The debate about how much power the president should have to fight terrorism is often framed as a conflict between left and right. Yet it was Supreme Court Justice Antonin Scalia, the very model of a conservative jurist, who took the most uncompromising position regarding the president’s authority to detain without charge citizens he thinks are connected to terrorism: Unless Congress suspends the writ of habeas corpus in response to "rebellion or invasion," Scalia said in a 2004 dissent, the president has no such authority.
Michael Mukasey, the former federal judge President Bush has nominated to succeed Alberto Gonzales as attorney general, took a different view. But Mukasey’s record, like Scalia’s, shows that respect for the law sometimes can reconcile the authoritarian and libertarian impulses of modern American conservatism.
Mukasey clearly leans in the authoritarian direction. Consider his take on the Bill of Rights.
According to Federalists such as Alexander Hamilton, the Bill of Rights was both unnecessary and dangerous because the new national government had only those powers enumerated in the Constitution. A list of specific rights, Hamilton wrote, "would contain various exceptions to powers not granted; and, on this very account, would afford a colorable pretext to claim more than were granted."
Mukasey sees a different problem with the Bill of Rights. In a 2004 speech, he suggested that "those who drafted the original Constitution understood that if you give equal prominence to the provisions creating the government and the provisions guaranteeing rights against the government — God-given rights, no less, according to the Declaration of Independence — then citizens will feel that much less inclined to sacrifice in behalf of their government, and that much more inclined simply to go where their rights and their interests seem to take them."
No free man should feel inclined to sacrifice in behalf of his government. As the Declaration of Independence (that airy-fairy document mentioned by Mukasey) puts it, "Governments are instituted among men to secure these [God-given, unalienable] rights." The government serves the people, not the other way around.
When it comes to terrorism, the question is not how we can best serve our government but how our government can best serve us — in particular, the extent to which security against violations of our rights by the state should be traded for security against violations of our rights by terrorists.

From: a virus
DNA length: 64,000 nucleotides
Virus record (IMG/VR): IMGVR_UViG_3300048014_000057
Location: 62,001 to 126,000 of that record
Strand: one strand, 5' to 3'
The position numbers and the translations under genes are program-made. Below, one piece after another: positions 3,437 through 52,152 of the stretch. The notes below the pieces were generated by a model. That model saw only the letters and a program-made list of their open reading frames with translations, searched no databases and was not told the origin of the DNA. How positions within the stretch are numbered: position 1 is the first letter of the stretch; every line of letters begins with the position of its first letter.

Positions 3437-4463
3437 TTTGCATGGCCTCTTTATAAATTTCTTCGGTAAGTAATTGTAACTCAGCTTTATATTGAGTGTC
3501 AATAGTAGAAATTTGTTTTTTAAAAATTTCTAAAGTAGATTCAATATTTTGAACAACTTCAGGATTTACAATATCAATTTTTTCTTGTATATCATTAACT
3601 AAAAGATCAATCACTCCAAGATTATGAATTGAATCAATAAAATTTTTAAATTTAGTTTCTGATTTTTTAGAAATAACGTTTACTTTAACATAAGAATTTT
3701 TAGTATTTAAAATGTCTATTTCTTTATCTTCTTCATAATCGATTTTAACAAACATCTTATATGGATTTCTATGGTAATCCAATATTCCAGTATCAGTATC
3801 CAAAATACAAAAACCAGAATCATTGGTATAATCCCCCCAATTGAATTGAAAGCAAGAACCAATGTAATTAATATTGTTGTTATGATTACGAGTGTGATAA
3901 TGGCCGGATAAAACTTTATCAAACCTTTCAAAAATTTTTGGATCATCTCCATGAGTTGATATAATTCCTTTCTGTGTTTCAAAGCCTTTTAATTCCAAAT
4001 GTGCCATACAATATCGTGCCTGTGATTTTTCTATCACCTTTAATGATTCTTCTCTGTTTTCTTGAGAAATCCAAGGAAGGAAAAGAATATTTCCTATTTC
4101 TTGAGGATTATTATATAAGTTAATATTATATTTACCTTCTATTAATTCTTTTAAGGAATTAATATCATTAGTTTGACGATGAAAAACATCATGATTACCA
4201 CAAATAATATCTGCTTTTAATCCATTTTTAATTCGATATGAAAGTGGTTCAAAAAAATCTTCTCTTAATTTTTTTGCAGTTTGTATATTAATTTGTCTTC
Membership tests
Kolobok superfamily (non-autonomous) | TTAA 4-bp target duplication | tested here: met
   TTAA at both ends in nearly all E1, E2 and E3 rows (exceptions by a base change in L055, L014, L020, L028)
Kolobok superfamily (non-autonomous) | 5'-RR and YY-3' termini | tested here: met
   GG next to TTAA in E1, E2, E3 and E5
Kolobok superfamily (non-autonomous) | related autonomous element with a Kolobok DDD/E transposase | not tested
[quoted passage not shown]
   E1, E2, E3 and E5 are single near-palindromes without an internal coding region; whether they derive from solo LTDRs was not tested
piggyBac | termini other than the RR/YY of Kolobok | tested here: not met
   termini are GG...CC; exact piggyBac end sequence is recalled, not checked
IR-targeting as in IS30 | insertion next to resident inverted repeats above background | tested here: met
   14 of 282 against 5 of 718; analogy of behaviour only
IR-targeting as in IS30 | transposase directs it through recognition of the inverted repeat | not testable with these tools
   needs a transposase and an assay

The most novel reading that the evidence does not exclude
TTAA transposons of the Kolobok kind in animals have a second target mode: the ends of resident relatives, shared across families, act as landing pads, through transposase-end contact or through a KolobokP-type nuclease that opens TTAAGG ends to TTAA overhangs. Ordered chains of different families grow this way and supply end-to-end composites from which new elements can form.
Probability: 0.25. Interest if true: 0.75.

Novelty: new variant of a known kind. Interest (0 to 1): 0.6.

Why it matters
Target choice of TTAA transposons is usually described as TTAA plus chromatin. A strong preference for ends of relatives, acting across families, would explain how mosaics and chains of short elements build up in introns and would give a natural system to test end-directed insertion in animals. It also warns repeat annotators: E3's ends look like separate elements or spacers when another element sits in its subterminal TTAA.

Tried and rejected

From the dismissive way he treats critics of anti-terrorist measures such as the Patriot Act, it’s clear Mukasey worries more about the latter.
Mukasey’s saving grace is that he sees the law as something more than an inconvenient obstacle to evade. He upheld President Bush’s detention of Jose Padilla, an American citizen arrested on U.S. soil who was held in military custody without charge for three and a half years, because he concluded that Congress had approved such treatment of suspected terrorists when it authorized a military response to the Sept, 11 attacks. Without such authorization, he noted, Padilla’s detention would have been prohibited by a federal law that says that "no citizen shall be imprisoned or otherwise detained by the United States except pursuant to an Act of Congress."
Based on other statutes, Mukasey ruled that Padilla had a right to contest his classification as an enemy combatant (albeit under a standard very generous to the government). He rejected the administration’s argument that Padilla should be prevented from consulting an attorney, saying it relied on "gossamer speculation" about potential threats to national security.
Mukasey’s policy recommendations likewise stop short of the unilateralism that has characterized the Bush administration’s approach to terrorism. He suggests "a new adjudicatory framework" may be needed to handle terrorism cases, for instance, but does not pretend the president can create one on his own.
Mukasey does not seem to believe the president may do whatever he considers necessary to fight terrorism, regardless of the constraints imposed by Congress. Sad to say, that fact alone makes him an improvement over Gonzales.